Creating Community Through Real Estate
Mark Deutschmann is a legend of Nashville’s real estate scene.
After getting his real estate license in 1986, Mark decided to “sell real estate within a one-mile radius of Hillsboro Village”. At the time, people thought he was crazy.
The Village was overflowing with boarded-up homes and decrepit commercial buildings - a far cry from the booming commercial district today that now features high-end retail, restaurants, and residences.
Mark saw the potential, far before the rest of Nashville began moving in from the suburbs, for this urban neighborhood to provide a walkable live/work/play district close to the city’s core. He dug into that one-mile radius and knew all about every piece of real estate in his territory.
His success in the neighborhood led to his founding VILLAGE in 1996 to further serve the community. Since then, his one man shop has grown to over 350 real estate agents and staff serving the greater Nashville community.
In 2003, Deutschmann founded Core Development Services to begin revitalizing Nashville’s urban neighborhoods, which, along with Hillsboro Village, have included 12South, Germantown, Downtown, and Wedgewood Houston. Some of his projects include the 218-unit Werthan Lofts adaptive reuse, the 82-unit Alloy, and the 79-unit Gale Park cottages. You can find a list of Core Development’s projects here.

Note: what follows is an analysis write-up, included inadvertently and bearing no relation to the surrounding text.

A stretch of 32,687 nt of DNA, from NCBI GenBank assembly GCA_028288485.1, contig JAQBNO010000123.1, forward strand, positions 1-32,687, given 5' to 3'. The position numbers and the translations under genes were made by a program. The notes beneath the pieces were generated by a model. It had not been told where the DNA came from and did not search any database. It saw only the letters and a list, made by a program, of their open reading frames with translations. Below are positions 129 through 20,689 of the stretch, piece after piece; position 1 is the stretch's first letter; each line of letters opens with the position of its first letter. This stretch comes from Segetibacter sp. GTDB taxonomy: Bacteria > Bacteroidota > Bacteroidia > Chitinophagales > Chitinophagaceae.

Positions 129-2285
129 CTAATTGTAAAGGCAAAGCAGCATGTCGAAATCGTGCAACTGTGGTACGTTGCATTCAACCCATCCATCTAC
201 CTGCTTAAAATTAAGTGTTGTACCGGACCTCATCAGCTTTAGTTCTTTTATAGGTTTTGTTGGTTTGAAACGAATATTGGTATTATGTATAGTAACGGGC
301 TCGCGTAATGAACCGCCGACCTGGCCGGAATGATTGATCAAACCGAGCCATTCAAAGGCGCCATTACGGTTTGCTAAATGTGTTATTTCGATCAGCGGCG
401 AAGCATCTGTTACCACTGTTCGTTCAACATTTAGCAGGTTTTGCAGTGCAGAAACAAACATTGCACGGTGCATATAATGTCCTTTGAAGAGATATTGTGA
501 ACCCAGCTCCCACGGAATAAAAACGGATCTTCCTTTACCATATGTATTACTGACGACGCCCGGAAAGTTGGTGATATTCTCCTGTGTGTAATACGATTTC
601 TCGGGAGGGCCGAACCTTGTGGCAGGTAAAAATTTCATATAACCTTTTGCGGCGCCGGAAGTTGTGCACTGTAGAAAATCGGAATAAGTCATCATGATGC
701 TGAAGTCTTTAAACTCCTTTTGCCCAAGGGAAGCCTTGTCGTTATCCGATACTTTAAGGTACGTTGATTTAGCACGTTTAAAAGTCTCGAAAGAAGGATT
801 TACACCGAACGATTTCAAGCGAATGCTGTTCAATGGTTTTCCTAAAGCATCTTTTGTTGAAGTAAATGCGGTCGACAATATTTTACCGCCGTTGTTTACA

Throughout this time, Mark has been involved in various neighborhood associations and charities - actively working to make his community better. He served as President of Greenways for Nashville and chair of the Nashville chapter of the Urban Land Institute, both of which actively work to provide better urban living through greenspaces and conscious real estate development. Deutschmann also founded The Village Fund, which has donated over $2 million to improve Nashville neighborhoods.
I wish all developers shared Mark’s mentality for putting community first. Real estate developers and investors have the unique ability to literally shape the neighborhoods and communities that we live in. By bringing the human element back into the forefront of urban development, our cities will be happier, more sustainable, and inspiring to those who live within them.
For Mark, it was never just about real estate. It was about building community.